Date read: 3.22.06
Book from: Borrowed from Kakaner
Rendered nearly invisible by her painful shyness, Anna is the middle girl of three sisters living with their mother in a rambling Victorian home. At seven years old, terrified by the impending threat of school, she retreats into passageways and secret rooms of her own construction, and lives within the walls of her home for the next seven and a half years. Anna is content to hide away as a sort of household ghost, nearly forgotten by even her family, until her own growth as a woman renders her “invisibility” no longer possible. A stray love note pushed through the walls of her refuge appeals to her developing emotions, and the time approaches for Anna to once more venture into the outside world.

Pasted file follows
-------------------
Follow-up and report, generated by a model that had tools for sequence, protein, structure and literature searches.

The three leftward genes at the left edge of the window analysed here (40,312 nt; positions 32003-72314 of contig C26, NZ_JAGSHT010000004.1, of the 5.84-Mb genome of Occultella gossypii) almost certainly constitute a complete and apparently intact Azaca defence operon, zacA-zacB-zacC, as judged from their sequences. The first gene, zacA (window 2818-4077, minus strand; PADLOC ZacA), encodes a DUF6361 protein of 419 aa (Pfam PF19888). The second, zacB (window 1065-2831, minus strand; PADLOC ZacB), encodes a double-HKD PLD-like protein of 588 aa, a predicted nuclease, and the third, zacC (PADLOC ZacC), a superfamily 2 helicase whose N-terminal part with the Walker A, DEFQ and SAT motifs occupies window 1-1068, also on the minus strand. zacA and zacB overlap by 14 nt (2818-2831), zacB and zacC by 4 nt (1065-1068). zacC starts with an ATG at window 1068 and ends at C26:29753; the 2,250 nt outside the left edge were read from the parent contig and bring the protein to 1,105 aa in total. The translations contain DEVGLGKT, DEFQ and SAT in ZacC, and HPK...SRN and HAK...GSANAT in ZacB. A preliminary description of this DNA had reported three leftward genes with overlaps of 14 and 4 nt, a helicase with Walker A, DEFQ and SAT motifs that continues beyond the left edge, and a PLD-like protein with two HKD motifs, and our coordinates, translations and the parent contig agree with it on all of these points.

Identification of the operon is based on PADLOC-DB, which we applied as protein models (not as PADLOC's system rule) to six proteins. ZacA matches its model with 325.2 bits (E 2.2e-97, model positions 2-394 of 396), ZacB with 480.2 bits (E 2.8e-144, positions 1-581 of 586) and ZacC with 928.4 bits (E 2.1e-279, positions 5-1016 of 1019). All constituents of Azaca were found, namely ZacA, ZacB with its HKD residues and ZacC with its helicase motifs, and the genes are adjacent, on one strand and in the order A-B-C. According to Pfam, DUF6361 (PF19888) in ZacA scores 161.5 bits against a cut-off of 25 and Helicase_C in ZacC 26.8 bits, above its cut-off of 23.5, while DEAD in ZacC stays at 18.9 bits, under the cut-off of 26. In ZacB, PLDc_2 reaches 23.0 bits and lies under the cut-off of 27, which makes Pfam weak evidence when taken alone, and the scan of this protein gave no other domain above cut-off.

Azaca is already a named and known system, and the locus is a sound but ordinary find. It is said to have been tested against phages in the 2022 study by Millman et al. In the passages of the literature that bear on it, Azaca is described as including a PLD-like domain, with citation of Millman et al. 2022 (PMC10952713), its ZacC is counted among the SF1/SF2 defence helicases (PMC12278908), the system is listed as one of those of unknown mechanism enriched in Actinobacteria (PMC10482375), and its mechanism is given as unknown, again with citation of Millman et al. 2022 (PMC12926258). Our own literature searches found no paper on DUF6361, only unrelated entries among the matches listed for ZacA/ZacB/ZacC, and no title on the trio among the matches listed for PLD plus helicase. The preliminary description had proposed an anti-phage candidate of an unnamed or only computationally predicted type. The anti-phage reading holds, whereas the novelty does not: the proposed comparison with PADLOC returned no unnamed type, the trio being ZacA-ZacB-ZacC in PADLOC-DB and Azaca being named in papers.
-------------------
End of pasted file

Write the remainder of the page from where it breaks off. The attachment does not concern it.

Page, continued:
I randomly spotted The Woman in the Wall on Kakaner’s bookshelf at some point around when we first began exchanging reading material on a regular basis, and the premise deeply appealed to me since I’m a. sorta shy and b. obsessed with secret nooks and passageways, to the point that a home-within-a-home sounds right up my alley. Even outside of my particular quirks, the concept is an emotionally powerful and imaginatively appealing one.
Unfortunately, Kindl’s writing isn’t up to the task. Although the book aims for a wistful, playful mix of Gothic fairy tale and magical realism, it increasingly dissolves into a weepy, unconvincing pastiche, with the narration lurching between “artsy,” “quirky” whimsy and banal adolescent histrionics. Too much pretension (or, more charitably, ambition), not enough substance. Though Anna’s story could have been a moving modern fairy tale about escapism and self-isolation, The Woman in the Wall more often seems clumsy, superficial, and implausible.